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Meelectronics M31

MEElectronics M31 / M31P Review

Meelectronics M31
Reviewed Feb 2011

Details: Bass-heavy earphone from Meelec’s M-series available in a variety of colors
MSRP: $34.99 (manufacturer’s page); $39.99 for M31P w/mic & 1-button remote (manufacturer’s page(discontinued)
Current Price: $25 from; N/A for M31P (discontinued)
Specs: Driver: Dynamic | Imp: 16Ω | Sens: 96 dB | Freq: 20-20k Hz | Cable: 4.3’ L-plug
Nozzle Size: 5mm | Preferred tips: Stock single flanges
Wear Style: Straight down or over-the-ear

Accessories (4/5) – Single-flange (3 sizes) and bi-flange silicone tips, shirt clip, and clamshell carrying case
Build Quality (4.5/5) – The build is similar to the older M11/M11+ models although the M31 is quite large in comparison. The housings are all-metal, the cabling is sturdy and well-relieved, and paper filters protect the nozzles. The low-profile L-plug is a welcome change from the 45-degree plug of the M11
Isolation (3/5) – Fairly average due to large rear-facing vent
Microphonics (4.5/5) – Very low when worn cord-down; nonexistent otherwise
Comfort (3.5/5) – The M31 is a large earphone and is best worn with a shallower seal despite being tapered at the front for deeper insertion. It’s fairly light and the fit is quite inoffensive but doesn’t quite disappear the way the smaller M11 and M21 models do

Sound (5.7/10) – If the M21 is the most balanced M-series earphone I’ve heard so far, the M31 is the bassiest. It delivers gobs of head-pounding impact at the slightest indication of bass on a track. As one might guess, the bass boost does bring with it great sub-bass extension. However, that’s a bit of a hollow victory as the drivers don’t do a great job of texturing sub-bass response. More often than not, the bass is felt rather than heard. As with the M21, the low end of the M31 tends towards ‘boomy’. Expectedly, there’s a fair bit of midrange bleed and the mids of the M31 are slightly warmer than those of the M21 as a result. Aside from the differences brought about by the bass balance, however, the two earphones are fairly similar – the midrange of the M31 is not as clear or detailed as that of the CX21 and not as recessed as that of the M6. The heavy bass does make the mids sound a bit less emphasized than with the M21 but those seeking perfect balance probably won’t be looking a the M31 in the first place.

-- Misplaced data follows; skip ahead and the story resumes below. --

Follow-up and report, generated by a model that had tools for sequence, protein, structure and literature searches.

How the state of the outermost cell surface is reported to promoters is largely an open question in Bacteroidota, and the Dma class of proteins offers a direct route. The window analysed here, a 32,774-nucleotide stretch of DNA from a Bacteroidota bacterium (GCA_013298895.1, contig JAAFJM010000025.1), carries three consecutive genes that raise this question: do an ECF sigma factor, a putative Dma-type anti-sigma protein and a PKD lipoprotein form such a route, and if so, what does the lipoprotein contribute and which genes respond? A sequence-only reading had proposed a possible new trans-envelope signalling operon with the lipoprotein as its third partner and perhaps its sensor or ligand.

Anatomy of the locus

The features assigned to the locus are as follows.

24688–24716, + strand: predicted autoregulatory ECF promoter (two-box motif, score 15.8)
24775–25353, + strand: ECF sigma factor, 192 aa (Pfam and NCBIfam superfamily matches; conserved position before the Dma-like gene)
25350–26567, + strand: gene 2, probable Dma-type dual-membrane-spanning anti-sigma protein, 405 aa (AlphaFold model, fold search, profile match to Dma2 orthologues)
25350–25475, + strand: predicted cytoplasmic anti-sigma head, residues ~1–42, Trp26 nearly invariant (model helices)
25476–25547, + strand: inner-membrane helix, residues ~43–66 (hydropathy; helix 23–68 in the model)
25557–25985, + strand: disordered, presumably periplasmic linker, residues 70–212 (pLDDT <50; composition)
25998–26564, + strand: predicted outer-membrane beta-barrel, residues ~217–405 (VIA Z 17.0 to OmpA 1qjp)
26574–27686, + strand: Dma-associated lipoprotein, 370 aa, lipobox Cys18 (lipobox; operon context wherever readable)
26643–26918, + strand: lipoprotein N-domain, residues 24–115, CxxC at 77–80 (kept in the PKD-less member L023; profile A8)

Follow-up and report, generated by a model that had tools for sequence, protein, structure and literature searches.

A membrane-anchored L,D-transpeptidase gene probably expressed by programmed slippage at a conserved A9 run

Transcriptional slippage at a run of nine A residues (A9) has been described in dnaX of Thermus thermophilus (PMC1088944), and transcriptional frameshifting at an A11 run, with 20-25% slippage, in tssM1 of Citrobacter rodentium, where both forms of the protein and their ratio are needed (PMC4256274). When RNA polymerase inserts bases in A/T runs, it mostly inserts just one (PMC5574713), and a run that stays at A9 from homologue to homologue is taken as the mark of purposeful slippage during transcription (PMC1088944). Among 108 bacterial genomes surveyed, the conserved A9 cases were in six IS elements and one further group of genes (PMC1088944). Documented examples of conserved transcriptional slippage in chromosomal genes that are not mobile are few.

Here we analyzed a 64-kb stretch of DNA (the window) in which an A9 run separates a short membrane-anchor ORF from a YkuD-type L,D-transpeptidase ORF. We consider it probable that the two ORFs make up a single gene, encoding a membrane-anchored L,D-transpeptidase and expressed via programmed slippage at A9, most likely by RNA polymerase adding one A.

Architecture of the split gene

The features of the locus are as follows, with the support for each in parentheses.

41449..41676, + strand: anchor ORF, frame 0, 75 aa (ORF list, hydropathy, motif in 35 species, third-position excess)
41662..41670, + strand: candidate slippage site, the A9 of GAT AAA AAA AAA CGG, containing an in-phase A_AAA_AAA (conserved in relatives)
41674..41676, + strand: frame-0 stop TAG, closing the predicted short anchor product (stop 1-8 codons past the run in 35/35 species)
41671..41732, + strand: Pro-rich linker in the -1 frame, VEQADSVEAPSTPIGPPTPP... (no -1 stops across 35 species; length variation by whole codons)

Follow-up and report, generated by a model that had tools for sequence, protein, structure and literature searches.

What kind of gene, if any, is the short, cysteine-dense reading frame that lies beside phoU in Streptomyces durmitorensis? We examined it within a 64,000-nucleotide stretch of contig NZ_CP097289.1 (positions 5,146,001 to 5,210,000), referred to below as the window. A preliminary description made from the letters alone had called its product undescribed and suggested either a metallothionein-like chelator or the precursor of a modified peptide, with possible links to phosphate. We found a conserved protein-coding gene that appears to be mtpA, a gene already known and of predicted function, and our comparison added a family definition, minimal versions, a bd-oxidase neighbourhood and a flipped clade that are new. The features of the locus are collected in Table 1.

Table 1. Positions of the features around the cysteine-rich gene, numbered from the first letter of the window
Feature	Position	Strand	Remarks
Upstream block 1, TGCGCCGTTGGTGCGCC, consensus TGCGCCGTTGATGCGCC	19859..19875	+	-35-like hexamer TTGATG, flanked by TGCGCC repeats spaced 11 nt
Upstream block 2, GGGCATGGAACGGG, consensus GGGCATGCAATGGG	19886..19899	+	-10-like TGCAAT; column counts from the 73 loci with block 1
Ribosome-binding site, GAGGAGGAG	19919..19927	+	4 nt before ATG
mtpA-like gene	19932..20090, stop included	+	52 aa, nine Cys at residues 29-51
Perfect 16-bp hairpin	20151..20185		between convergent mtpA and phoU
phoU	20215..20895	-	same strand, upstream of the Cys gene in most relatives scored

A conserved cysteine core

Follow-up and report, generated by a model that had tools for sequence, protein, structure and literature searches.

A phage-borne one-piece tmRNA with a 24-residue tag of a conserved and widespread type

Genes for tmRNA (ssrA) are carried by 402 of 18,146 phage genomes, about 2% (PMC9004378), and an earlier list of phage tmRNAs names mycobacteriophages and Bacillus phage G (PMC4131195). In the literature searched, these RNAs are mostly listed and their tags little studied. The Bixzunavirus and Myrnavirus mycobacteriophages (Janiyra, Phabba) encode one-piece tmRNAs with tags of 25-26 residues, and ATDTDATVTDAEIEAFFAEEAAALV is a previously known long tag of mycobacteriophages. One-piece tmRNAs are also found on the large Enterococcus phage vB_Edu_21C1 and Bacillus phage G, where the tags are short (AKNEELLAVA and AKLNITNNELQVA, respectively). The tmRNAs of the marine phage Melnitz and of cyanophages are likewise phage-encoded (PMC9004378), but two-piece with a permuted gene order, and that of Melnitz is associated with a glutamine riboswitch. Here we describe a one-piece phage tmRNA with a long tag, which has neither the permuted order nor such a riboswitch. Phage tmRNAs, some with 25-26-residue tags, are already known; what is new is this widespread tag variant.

The treble transition seems a touch smoother with the M31, mostly because the bass is far more dominant, but the clarity, detail, and extension are all fairly similar to the M21. One major difference is in the presentation – while the M21 sounds spacious, well-rounded, and sometimes downright open, the boomier nature and more bass-heavy balance of the M31 reduces the airiness of the earphones. The presentation of the M31 is by no means offensive but it’s definitely closer in size to the M11+ than the M21 or M6. The peculiar balance of the earphones also gives them a darker overall tonality compared to the (fairly neutral) M21. Though none of these differences are particularly noticeable individually, they do add up to a different sort of sound en masse. It should be noted that at lower volumes the bass of the M31 isn’t as intrusive and they sound more balanced and natural. However, I still think that those who are not bass-obsessed need not apply as the M31 really isn’t better than the M21 from a technical standpoint – just bassier.

Value (7.5/10) – Yet another well-built and user-friendly design from Meelectronics, the M31 is an earphone with many strengths. At the same time, it is an unrelentingly bass-heavy take on the M-series sound signature and will not appeal to those looking for balance or accuracy. Its mainstream sound signature is competition for the likes of the Sony XB40EX and TDK EB900, and that’s how it should be viewed. For those looking for the most bass to be had under $50 with minimal sacrifices elsewhere, the M31 is a good option. For overall sound quality, I just don’t see myself picking it over the M21.

Pros: Huge bass response; solid build quality
Cons: Huge bass response; physically larger than M21 and M11+





Living in the fast-paced city of Los Angeles, ljokerl has been using portable audio gear to deal with lengthy commutes for the better part of a decade. He spends much of his time listening to music and occasionally writes portable audio reviews across several enthusiast sites, focusing mostly on in-ear earphones.


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